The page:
• It’s crazy because there is no call whatsoever for the owners to make any compromises with respect to players’ current concerns over the slow free agent market and players’ suspicions of collusion. Indeed, there’s a paragraph in there that says, in short, “if players have a beef about that stuff they should file a grievance or else shut up about it.” I mean, it’s Rosenthal and he’s a very nice and polite man so, no, he does not put it that bluntly, but that’s the takeaway;
  • It’s crazy because the advice it proposes to Clark — any matters that the owners bring up should be handled piecemeal and that players should not ask for anything* that addresses their own priorities when the owners seek concessions from players on their priorities — is exactly the opposite of how organized labor works. Indeed, handling workplace matters in piecemeal fashion whenever management brings stuff up is exactly the situation that existed before the MLBPA had any power at all. It’s exactly how management would draw things up if they had it to do over again. 

Clark is not an intermediary between the owners and the players. He is an advocate for them. He is, quite literally and by specific design, on their side and it is his job to fight for what they want and for what is in their best interests. It is not his job to “compromise.” What’s more, the owners cannot expect the players — many of whom are hopping mad at how the past two offseasons have gone — to pretend none of that is happening and approach the owners with totally open minds and agree to do thing they don’t really want to do “for the good of the game.”

Should the players have negotiated a better deal on money stuff two years ago? Absolutely. But then again maybe the owners should’ve asked for these rules changes they want now back then too. That Rosenthal expects one party’s concerns to be “case closed” and the other party’s concerns to be perpetually subject to renegotiation makes no sense to me at all. In reality, everything is negotiable, always. Rules touching on every aspect of the game, on-field and off-field, have been renegotiated or altered in between CBA bargaining sessions over the years. If one side wants to re-open the CBA they can’t expect the other side not to do it too.

Rob Manfred and the owners have every right to come to the players and ask for stuff. They cannot, however, expect the players to pretend everything else is hunky dory and assume a “compromise” stance “for the good of the game.” And let’s be honest, if the “for the good of the game” standard is what triggers renegotiation of things, I’d argue that it’s high time to renegotiate the financial parts of the CBA, because the current state of affairs is doing the game no favors.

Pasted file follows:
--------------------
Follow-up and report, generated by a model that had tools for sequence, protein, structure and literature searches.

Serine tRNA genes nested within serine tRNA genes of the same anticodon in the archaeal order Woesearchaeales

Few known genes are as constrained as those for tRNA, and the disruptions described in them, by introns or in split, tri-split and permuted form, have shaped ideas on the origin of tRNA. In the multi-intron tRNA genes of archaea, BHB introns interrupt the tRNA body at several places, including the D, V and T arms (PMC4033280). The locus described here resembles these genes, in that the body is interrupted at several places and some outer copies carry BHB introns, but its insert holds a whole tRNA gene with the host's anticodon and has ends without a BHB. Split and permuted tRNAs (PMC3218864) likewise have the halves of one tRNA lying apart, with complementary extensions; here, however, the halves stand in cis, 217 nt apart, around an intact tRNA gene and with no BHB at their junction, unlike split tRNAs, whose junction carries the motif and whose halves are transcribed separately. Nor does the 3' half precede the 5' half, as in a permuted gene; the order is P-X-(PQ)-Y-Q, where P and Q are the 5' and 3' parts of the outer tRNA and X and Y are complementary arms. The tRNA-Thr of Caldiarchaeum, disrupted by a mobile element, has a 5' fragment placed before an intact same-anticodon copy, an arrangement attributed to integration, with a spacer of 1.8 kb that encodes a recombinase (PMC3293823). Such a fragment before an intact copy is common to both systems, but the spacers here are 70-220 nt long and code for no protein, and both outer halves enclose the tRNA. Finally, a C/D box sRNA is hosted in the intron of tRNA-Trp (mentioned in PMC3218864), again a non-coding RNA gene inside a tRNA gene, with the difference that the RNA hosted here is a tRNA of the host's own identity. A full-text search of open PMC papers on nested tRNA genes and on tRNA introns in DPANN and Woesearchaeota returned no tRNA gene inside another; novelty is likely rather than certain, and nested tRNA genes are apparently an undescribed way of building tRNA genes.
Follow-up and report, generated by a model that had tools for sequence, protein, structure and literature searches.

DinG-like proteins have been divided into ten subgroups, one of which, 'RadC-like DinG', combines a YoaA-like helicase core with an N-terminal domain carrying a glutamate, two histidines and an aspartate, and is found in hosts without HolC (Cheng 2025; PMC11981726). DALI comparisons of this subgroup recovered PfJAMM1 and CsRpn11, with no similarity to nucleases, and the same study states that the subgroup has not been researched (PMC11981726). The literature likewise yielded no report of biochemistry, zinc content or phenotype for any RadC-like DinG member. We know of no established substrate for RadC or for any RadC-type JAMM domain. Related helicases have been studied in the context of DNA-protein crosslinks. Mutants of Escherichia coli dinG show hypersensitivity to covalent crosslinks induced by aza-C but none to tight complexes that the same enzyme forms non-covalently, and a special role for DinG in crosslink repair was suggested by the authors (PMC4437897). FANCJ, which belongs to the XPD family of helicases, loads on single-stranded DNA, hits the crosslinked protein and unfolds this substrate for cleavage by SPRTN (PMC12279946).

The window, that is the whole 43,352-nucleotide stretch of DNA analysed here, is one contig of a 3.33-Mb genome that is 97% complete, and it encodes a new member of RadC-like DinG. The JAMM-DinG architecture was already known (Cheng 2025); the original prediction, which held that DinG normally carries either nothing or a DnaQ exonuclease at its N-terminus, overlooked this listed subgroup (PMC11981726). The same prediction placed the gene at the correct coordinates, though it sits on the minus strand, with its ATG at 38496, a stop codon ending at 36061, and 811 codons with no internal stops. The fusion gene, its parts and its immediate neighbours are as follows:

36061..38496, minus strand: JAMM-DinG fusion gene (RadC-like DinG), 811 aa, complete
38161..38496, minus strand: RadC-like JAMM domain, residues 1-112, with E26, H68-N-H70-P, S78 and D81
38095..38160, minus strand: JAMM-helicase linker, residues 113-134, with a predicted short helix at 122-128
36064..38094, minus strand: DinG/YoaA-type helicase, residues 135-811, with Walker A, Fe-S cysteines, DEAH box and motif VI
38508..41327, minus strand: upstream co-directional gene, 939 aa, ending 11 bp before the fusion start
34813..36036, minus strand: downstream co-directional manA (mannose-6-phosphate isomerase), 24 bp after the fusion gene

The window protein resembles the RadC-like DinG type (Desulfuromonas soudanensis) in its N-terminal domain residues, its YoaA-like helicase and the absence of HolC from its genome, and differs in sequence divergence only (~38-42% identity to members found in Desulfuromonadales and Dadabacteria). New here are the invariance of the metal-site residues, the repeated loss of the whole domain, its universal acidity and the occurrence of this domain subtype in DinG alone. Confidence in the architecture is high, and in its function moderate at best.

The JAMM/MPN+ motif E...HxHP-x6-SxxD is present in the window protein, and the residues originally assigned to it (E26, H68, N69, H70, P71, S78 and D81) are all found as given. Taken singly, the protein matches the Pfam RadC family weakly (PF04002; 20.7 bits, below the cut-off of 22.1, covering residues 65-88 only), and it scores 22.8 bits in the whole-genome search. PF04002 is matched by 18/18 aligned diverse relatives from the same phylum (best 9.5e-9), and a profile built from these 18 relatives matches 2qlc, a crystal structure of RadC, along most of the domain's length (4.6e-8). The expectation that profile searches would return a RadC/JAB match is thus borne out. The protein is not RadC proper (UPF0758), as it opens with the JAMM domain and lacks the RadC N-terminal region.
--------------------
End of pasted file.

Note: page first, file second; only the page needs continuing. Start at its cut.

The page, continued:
Whatever the case, Rosenthal’s column reads like a message passed from owners to the players with little regard for the realities of the current relationship between them. As one of my Twitter followers observed a little while ago, it reads like one of those political columns in which a member of one political party writes about how the other party “really needs to nominate someone who can reach across the aisle and compromise.” Maybe that’s what the writer would love to see, but it’s unrealistic in the extreme and flies in the face of what’s best for the other party. Same too here with the owners and the players.

I’m not sure where this column came from, honestly. It reads like a leaked strategy memo from the owners.

*UPDATE: To be fair, Rosenthal does say that the players should “work around the edges of the CBA” and propose “non-economic measures” that could possibly address teams’ seeming lack of a desire to compete and sign players. For my part I feel like that’s an artificial distinction — asking for the moon if you really just want a rock is not the worst way to get something in a negotiation — but it’s not as if Rosenthal is proposing a complete unilateral disarming of the players’ negotiating position.